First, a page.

Best-kept secret for locals. The same culinary team as the famed Marine Room in La Jolla handles the other part of the property—The Shores. Chef Mike Minor’s* lobster Benedict gets a Baja spin with chipotle hollandaise (Minor spent years as exec chef of the famed Mexican restaurant, Border Grill). The bananas foster is vanilla-dipped challah bread soaked in pirate rum.


Bali Hai Restaurant

Must Order: Firecracker Pork Ribs

Call your skipper—Bali Hai is San Diego’s sole brunch spot with a private dock for diners arriving by boat. Even if you’re stuck driving the isthmus onto Shelter Island (us, too), ball out with an all-you-can-eat buffet of Polynesian-inspired bites, like bluefin tuna poke, Spam fried rice, and spicy spareribs. And a mai tai, obviously.

Little Frenchie

Little Frenchie

Must Order: French Herbed Rolled Omelet

The city moped when chef Matt Gordon closed beloved Urban Solace in North Park, but all turned out well in our world. As VP of ops for Blue Bridge Hospitality, he’s done things like Little Frenchie, in Coronado, a runaway hit of a bistro overseen by chef Matt Sramek. For brunch, it’s got cronuts and cruffins of the month. But also Burgundy escargot, croques, crepes, and short rib hash, plus a French omelet with boursin cheese, fine herbs, and optional add-on, Kaluga caviar.


Oceana Coastal Kitchen

Must Order: Waffle Romanoff

The Catamaran Resort’s California restaurant brought its Sunday Champagne Brunch back. Hi, friend. The Evans family (the Catamaran is one of the few family-owned resorts remaining in the world, and a San Diego classic) likes its food, and doesn’t skimp on it. Perched on the green, green grass of the bay on the Mission Beach side, the city’s toned and active set constantly stream by the patio. It’s a breakfast buffet with an A-plus cold bar (nigiri, crab, etc.), antipasta, and entrees like the Waffle Romanoff (topped with Grand Marnier-macerated strawberries).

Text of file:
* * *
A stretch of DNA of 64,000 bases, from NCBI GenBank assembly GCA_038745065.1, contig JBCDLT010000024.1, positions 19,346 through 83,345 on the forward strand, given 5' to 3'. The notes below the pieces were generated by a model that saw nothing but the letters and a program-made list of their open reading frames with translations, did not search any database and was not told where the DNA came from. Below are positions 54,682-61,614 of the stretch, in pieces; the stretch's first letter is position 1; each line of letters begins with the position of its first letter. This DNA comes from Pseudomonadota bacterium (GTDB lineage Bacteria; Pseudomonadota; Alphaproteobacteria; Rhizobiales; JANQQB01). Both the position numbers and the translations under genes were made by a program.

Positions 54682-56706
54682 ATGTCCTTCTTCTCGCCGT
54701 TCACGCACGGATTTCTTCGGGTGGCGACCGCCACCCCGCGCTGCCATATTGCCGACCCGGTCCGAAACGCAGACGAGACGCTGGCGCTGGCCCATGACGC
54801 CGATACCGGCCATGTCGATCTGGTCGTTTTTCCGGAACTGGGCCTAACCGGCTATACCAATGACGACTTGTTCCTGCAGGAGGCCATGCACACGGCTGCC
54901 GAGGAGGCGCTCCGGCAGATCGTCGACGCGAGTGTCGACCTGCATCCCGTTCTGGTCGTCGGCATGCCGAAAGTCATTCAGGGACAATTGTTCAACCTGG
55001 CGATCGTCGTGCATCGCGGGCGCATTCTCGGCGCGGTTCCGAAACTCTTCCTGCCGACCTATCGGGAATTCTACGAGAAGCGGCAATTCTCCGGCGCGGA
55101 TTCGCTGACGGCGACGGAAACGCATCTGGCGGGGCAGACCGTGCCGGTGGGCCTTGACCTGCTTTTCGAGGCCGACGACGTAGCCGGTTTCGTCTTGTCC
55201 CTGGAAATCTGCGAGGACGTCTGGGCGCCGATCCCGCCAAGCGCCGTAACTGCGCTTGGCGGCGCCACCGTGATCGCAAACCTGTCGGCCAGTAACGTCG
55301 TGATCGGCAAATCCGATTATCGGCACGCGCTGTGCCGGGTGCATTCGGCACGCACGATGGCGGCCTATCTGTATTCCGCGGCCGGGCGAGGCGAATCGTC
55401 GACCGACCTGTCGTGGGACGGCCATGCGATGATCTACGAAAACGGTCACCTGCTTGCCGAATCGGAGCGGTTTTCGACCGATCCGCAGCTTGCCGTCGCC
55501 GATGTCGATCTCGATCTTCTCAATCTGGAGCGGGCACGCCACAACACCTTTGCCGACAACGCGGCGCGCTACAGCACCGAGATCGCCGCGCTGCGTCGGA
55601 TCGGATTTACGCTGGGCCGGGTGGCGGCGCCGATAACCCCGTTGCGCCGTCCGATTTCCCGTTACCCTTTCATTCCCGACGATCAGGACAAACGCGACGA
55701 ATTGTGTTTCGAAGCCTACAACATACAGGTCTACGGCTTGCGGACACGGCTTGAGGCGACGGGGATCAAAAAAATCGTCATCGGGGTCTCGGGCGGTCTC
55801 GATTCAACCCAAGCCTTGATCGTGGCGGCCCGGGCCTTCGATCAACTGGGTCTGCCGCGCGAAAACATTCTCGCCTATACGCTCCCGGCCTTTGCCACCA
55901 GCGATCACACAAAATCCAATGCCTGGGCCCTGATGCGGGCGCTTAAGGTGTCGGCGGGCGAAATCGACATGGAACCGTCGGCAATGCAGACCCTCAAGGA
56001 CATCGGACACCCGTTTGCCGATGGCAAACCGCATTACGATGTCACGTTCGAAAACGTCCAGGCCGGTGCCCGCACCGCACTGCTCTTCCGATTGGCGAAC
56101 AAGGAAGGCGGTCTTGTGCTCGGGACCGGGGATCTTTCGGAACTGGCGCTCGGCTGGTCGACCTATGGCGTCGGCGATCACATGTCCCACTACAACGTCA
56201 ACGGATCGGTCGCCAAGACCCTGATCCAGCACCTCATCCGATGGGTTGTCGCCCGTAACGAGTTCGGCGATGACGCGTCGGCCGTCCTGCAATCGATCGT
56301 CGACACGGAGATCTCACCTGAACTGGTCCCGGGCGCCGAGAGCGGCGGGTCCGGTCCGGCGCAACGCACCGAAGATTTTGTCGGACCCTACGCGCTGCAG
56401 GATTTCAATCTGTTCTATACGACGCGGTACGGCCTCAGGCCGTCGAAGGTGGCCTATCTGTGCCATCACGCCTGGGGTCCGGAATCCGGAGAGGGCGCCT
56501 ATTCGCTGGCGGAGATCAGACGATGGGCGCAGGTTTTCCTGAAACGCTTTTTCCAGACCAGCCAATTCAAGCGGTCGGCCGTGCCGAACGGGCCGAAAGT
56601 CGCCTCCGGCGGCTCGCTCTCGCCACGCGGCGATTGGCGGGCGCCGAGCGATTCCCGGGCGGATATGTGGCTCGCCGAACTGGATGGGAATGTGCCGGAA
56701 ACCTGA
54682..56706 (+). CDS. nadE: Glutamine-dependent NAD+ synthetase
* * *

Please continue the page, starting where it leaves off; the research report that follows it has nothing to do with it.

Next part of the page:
Tom Ham’s Lighthouse

Must Order: Everything at the Raw Bar

Two words: Endless seafood. Stack a plate high with lobster claws, half-shell scallops, and other shellfish at Tom Ham’s brunch buffet, and inhale oysters with a bayside view from Harbor Island. If you ever drag yourself away from the raw bar, hit the meat station for Moroccan fried chicken.


Garage Buona Forchetta

Must Order: Tiramisu Brioche French Toast

Buona Forchetta started a decade ago with a brick oven, blustery-great dough, and excellent olive oil. A mini empire sprouted from that oven—so very Italian in its love of the bread and food arts. This is its Coronado house, with bomboloni (Italian donuts), toasts (try the Toscano with Italian sausage), tiramisu brioche French toast (with honey espresso mascarpone, oh dear), and paninis on housemade focaccia.


Vessel Restaurant

Must Order: Smoked Salmon

Kona Kai Resort is the brunch spot for boat people—so nuzzled in the marina is the resort that it nearly feels like dining on a superyacht or elaborate food pontoon when you’re inside the circular Vessel. Now it has former Cucina Urbana chef Joe Magnanelli. Get the Santa Barbara Smokehouse smoked salmon with whipped dill mascarpone or the coffee-rubbed grilled skirt steak with bacon-fried eggs.

*Editor’s Note: The print version of this story named Mike Reidy as the chef at The Shores. This has been corrected online to reflect the correct chef, Mike Minor.